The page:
when in the TAC Cup with the Eastern Ranges. His speed and possessions could give the Falcons some more run. Chances: At their best the Falcons can match it with anyone but this year without spearhead Nathan O’Keefe they will battle. Breese could return mid-year. Don’t rule them out but a few bad performances could see them battling to stay in the league. NOBLE PARK Coach: Mick Fogarty. Ins:Brett Dore (Nar Nar Goon), Luke Smith (Seaford), Dan Keely (Port Melbourne VFL), Dean Cleven (VFL), Beau Cosson (Scoresby), Vergim Faik (Berwick). Outs:Ziggy Alwan (VFL), Tyson Mitchem (VFL), Daniel Rigg (VAFA), Steven Tolongs (VAFA). One to watch: Brett Dore comes to the Bulls with big wraps as a centre half forward which is just the position the Bulls need help in, if Dore’s form meets his reputation, look out. Chances: The Bulls were shattered to fall so short last season but in truth their injury list was horrific. A healthy Bulls side will push right to the last day of the season. NORWOOD Coach: Denis Knight Ins: David Trotter (AFL Canada), Kurt

Picture: Rob Carew

Scown, Tony Armstrong (both AFL Queensland), Brad Kelleher, Daniel McConnell, Dale Bull, Rhett Jordan (all Croydon). Outs: David Blackie (VFL), Jon Wynn (break). One to watch: David Trotter is a former AFL player with North Melbourne who joins the EFL after a year in Canada. If his touch returns quickly he could prove an inspired signing. Chances: The Norsemen were the team to beat last season but fell short in the finals. They will go close again, question is whether they are strong enough to beat finals-hardened sides. ROWVILLE Coach: Paul Mynott Ins: Lucas Gibbons (Scoresby), Ryan Baker (Wantirna South). Outs: Damian Garner (VFL), Marc Hardy (Boronia), Luke Scanlan (Glen Waverley Hawks), Aaron Unsworth (Casey Cardinia FL). One to watch: Alex Frawley was one of the Hawks’ leaders last season and will be called upon again this term as the Hawks look to establish themselves in the top division. Chances: There is a big gap between divisions 1 and 2 but the Hawks have a good list and settled game plan so don’t rule out a run at the finals.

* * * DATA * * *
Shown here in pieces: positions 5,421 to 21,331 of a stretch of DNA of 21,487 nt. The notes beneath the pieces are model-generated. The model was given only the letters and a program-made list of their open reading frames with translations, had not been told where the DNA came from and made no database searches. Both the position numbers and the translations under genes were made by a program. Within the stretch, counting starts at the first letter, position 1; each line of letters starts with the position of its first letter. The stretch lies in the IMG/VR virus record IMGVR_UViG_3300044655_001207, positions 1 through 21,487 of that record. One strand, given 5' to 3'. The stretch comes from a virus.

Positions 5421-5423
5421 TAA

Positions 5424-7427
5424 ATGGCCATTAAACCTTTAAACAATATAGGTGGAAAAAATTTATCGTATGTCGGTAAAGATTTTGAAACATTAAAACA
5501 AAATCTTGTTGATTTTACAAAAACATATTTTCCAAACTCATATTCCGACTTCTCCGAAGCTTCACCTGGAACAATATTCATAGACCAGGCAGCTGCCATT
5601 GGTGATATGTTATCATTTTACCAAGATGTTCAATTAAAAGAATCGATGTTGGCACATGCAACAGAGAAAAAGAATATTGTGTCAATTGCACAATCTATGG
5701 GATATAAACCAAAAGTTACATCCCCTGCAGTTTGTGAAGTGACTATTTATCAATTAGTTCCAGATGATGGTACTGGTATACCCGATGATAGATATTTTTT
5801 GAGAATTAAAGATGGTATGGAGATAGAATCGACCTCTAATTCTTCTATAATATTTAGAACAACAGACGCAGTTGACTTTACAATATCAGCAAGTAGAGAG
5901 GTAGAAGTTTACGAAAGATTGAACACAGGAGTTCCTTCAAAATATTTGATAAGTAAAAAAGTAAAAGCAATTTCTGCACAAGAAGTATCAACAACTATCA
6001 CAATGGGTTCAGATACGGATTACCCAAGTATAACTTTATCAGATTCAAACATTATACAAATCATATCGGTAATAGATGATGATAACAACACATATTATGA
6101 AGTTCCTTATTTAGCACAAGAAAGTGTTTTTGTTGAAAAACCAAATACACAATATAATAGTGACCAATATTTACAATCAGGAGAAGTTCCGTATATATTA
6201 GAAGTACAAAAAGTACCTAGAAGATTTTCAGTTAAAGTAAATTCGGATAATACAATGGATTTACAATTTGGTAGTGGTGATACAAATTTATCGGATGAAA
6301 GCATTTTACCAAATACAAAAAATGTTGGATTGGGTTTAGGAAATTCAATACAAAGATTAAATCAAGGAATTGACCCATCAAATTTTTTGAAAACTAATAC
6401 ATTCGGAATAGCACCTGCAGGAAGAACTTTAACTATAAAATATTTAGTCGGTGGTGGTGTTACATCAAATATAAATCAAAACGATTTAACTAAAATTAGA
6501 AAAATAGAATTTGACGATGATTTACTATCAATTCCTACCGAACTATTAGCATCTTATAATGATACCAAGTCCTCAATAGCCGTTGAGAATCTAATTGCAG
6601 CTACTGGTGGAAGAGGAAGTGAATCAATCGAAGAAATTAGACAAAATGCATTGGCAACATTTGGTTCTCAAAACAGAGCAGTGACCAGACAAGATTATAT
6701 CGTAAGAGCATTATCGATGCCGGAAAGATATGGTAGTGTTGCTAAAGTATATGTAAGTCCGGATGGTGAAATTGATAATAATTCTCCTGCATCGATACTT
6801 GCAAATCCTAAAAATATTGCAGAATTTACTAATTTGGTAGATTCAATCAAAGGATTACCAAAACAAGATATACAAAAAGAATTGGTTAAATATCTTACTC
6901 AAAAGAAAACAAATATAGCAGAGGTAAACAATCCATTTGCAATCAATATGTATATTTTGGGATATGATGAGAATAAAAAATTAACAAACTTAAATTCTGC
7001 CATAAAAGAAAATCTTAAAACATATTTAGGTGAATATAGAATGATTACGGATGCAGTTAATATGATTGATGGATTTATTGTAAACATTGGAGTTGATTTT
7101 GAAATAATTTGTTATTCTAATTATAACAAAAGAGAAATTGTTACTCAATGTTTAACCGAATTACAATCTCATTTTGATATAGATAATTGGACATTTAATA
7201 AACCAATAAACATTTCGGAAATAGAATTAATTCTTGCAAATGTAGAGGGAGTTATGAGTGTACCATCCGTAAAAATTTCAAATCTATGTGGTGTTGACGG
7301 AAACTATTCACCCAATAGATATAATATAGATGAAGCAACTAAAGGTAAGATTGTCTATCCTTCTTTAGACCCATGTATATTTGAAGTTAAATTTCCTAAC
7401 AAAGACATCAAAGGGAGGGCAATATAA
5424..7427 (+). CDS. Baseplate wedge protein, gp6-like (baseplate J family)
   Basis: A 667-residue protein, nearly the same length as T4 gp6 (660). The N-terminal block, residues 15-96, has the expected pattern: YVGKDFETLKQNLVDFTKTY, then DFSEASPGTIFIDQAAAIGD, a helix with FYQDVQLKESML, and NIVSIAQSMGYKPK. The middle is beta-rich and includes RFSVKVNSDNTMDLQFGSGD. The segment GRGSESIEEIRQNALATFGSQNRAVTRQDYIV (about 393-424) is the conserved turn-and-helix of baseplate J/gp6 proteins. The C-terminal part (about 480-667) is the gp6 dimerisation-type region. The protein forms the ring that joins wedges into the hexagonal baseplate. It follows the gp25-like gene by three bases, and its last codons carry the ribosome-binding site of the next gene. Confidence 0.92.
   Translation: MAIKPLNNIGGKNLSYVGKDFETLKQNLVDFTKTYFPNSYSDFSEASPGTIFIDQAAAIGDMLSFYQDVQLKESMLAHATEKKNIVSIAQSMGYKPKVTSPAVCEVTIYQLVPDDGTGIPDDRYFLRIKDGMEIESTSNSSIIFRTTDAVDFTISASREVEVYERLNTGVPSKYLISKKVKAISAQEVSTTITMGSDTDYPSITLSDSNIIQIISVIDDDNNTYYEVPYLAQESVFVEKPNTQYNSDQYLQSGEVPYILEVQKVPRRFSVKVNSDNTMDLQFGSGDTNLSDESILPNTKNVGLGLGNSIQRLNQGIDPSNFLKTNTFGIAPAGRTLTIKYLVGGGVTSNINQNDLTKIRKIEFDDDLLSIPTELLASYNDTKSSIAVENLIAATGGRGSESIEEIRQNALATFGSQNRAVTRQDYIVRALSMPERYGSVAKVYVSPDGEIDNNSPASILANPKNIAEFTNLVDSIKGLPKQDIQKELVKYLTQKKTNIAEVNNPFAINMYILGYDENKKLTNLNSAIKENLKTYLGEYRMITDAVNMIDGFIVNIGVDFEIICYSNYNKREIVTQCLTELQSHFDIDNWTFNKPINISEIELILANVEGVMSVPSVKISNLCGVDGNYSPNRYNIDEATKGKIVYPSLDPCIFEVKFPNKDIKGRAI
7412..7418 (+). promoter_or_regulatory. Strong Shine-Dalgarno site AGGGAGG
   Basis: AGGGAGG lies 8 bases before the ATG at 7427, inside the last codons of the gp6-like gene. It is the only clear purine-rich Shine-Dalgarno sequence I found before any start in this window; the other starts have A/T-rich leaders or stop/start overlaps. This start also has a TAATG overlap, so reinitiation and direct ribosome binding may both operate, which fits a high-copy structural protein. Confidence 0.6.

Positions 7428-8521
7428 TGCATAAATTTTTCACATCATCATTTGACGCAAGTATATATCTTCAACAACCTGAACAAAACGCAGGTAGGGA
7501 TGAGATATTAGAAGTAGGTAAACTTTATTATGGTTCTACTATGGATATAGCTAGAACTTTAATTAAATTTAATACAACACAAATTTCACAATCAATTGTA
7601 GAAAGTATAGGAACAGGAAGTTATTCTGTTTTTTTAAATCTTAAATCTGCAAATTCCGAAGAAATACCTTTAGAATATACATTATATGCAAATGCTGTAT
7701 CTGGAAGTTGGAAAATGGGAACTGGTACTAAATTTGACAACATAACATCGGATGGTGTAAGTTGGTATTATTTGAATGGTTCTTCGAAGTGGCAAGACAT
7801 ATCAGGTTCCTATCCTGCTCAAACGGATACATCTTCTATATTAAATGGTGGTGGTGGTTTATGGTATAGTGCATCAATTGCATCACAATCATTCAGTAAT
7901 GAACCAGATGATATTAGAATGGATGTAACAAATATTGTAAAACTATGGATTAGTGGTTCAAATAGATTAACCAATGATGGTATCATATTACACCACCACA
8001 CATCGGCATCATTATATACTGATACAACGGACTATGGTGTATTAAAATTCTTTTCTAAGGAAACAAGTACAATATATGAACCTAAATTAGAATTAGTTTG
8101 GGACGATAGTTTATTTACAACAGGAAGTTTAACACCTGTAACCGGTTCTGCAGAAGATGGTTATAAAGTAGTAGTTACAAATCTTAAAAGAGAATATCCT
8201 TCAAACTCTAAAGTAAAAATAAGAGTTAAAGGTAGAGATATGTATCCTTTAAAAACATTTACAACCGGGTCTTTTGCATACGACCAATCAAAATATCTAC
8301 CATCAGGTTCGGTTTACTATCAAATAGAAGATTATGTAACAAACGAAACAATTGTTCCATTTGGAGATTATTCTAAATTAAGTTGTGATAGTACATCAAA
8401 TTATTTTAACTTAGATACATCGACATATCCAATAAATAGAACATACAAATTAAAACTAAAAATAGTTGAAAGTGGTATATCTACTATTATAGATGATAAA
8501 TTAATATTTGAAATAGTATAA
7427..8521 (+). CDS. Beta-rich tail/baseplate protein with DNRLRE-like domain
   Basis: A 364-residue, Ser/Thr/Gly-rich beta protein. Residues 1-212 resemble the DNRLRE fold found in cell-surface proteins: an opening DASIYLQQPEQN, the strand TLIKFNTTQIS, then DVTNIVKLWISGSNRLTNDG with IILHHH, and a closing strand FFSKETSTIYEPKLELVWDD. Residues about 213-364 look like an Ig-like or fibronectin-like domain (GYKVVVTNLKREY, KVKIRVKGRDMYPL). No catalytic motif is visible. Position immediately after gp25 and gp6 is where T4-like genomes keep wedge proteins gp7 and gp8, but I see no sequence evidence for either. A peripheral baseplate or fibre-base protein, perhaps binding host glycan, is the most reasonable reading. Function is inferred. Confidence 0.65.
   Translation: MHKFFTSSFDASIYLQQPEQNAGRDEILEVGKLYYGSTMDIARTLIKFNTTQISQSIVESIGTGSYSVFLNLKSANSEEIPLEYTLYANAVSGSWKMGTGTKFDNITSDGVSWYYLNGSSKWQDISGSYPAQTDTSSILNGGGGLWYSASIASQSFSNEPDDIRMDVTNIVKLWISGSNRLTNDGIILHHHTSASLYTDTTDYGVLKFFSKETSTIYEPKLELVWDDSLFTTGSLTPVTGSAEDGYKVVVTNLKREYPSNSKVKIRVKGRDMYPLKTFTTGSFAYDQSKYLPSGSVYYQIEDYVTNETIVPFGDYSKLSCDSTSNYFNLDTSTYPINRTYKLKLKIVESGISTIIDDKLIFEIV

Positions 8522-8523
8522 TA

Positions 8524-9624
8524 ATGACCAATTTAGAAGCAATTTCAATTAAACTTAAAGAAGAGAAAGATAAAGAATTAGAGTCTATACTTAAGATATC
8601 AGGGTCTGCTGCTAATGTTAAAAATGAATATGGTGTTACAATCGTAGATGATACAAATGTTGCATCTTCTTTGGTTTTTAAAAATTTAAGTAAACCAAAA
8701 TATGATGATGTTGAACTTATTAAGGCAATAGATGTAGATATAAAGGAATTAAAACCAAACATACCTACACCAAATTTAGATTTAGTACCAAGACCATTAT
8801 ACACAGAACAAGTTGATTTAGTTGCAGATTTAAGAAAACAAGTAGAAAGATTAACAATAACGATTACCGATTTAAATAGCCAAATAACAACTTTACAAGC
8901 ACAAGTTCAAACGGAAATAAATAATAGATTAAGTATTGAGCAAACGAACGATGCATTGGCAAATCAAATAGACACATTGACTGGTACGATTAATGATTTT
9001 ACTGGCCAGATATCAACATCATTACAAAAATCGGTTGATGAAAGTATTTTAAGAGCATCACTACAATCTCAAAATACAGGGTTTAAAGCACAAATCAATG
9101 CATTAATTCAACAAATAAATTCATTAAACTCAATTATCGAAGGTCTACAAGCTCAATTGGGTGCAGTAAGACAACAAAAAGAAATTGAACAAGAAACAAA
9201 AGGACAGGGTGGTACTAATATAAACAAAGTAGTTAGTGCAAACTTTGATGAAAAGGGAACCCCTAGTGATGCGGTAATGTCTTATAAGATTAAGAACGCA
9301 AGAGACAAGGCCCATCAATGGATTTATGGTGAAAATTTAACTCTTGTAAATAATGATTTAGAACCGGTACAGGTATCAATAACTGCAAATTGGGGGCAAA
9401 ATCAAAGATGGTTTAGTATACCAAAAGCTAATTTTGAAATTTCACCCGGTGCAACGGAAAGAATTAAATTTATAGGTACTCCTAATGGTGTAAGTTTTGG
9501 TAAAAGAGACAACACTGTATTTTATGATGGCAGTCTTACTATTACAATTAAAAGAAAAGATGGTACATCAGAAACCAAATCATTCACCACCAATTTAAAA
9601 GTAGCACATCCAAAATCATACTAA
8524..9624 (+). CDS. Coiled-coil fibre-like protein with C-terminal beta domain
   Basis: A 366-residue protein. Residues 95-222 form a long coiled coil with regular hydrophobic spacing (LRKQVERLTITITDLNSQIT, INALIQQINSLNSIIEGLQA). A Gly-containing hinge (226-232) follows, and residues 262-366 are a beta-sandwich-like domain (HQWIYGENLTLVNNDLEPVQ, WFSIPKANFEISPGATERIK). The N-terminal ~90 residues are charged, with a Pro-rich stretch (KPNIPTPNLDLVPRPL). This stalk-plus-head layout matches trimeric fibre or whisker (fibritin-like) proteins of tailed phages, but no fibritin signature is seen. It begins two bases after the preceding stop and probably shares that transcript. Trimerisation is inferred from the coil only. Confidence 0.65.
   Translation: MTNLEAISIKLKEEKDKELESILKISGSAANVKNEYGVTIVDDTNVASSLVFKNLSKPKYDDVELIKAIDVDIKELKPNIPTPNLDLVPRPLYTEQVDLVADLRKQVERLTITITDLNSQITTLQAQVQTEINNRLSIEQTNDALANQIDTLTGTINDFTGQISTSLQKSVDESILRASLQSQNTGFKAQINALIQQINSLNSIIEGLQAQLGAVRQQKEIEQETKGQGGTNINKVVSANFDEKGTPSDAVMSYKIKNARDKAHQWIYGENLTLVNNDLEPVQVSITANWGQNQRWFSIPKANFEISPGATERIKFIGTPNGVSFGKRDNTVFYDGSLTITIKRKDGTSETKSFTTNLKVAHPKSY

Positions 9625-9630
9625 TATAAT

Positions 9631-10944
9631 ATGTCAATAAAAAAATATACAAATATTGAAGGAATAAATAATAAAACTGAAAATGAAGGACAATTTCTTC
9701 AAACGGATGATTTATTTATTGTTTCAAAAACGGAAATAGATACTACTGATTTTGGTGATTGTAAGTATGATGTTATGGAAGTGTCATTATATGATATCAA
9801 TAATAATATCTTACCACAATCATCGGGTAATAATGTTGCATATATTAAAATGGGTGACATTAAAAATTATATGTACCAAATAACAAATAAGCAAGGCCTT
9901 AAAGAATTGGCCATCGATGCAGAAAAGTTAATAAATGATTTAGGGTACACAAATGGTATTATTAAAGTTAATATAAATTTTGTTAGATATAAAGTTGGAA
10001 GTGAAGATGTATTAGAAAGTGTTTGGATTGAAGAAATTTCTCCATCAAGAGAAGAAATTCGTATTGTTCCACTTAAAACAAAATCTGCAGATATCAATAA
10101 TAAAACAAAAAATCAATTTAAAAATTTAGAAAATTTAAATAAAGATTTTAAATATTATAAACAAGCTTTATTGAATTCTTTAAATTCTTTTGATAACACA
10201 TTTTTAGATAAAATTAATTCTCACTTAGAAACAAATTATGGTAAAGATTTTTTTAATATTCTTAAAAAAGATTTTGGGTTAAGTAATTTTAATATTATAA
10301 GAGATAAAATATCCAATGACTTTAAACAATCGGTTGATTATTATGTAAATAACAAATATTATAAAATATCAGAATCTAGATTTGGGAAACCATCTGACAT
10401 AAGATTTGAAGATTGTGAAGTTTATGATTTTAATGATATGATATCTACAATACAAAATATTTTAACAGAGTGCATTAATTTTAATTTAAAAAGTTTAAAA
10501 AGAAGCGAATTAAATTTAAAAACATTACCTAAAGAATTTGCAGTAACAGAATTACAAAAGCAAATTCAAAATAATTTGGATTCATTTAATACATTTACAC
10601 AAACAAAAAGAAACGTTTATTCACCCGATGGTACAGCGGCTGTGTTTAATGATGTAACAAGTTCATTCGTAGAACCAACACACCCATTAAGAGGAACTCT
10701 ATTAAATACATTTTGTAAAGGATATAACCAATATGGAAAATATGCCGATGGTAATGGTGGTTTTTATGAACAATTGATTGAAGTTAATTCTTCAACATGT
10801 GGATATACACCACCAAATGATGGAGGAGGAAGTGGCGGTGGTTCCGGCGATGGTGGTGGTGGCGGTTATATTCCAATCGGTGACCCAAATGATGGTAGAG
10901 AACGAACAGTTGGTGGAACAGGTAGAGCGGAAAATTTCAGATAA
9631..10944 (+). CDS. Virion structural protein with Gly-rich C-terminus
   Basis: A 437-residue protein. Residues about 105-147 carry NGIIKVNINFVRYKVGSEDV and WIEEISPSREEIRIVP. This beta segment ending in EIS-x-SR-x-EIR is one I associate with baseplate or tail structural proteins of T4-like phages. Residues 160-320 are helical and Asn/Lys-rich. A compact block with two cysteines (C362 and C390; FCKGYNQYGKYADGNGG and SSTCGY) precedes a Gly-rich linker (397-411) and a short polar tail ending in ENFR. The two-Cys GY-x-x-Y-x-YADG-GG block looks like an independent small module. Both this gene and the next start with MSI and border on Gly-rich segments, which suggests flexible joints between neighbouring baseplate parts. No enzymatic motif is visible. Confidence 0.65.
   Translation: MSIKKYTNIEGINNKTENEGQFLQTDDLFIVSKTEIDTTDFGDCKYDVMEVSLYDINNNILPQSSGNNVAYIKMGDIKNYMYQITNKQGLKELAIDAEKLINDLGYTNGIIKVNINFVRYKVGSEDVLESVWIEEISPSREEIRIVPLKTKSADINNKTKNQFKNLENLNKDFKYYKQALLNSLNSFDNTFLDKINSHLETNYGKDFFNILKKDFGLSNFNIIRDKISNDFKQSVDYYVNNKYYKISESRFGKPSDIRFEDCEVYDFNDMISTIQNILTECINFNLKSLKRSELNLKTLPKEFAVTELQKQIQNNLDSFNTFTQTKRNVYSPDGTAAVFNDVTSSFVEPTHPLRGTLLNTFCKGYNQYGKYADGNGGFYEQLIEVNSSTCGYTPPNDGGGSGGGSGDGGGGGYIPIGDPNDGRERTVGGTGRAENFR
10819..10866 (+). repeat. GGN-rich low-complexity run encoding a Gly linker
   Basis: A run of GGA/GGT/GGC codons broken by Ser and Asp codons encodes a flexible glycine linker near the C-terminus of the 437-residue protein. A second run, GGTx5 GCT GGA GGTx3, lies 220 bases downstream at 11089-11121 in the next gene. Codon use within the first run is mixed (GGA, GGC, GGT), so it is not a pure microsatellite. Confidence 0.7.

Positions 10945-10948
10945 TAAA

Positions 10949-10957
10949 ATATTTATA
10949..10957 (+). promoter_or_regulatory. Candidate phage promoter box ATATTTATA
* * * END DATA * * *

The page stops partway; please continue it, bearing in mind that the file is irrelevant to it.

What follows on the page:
SOUTH CROYDON Coach:Damien Franken Ins: Daniel Coghlan (YVFMDL), Brandon Wood (VAFA). Outs: Shayne Kearney (Montrose), Zac Higgins (Croydon), Dylan Troutman (VFL). One to watch: Grattan Stephens remains a key player for the Bulldogs with height and ability to win hit-outs and take marks. The Bulldogs will need a good season from Stephens. Chances: After a couple of inconsistent years it’s hard to know if the Bulldogs will finally break back into the finals this season. It will be tough but they could do it. VERMONT Coach: Kris Barlow Ins: Tom Schnieder (Box Hill Hawks), Paul Chadwick (Scoresby), Justin van Unen (Rye), Kris Bardon (NFL), Ash Froud (Silvan). Outs: Heath Black (VAFA), Todd Daniher (Peninsula FL). One to watch: Tom Schnieder’s transfer from Box Hill Hawks caught plenty of attention. This gun on-baller is expected to quickly become one of the best players in the league. Chances: The Eagles went so close last year and have gone shopping landing some major talents. Schnieder, Bardon and van Unen are all highly regarded. If they settle, Vermont will be hard to beat. One way or the other, the premiership race will run through Vermont this year.

April 9, 2013 WEEKLY – YOUR COMMUNITY VOICE

[ 21 ]


SPORT ●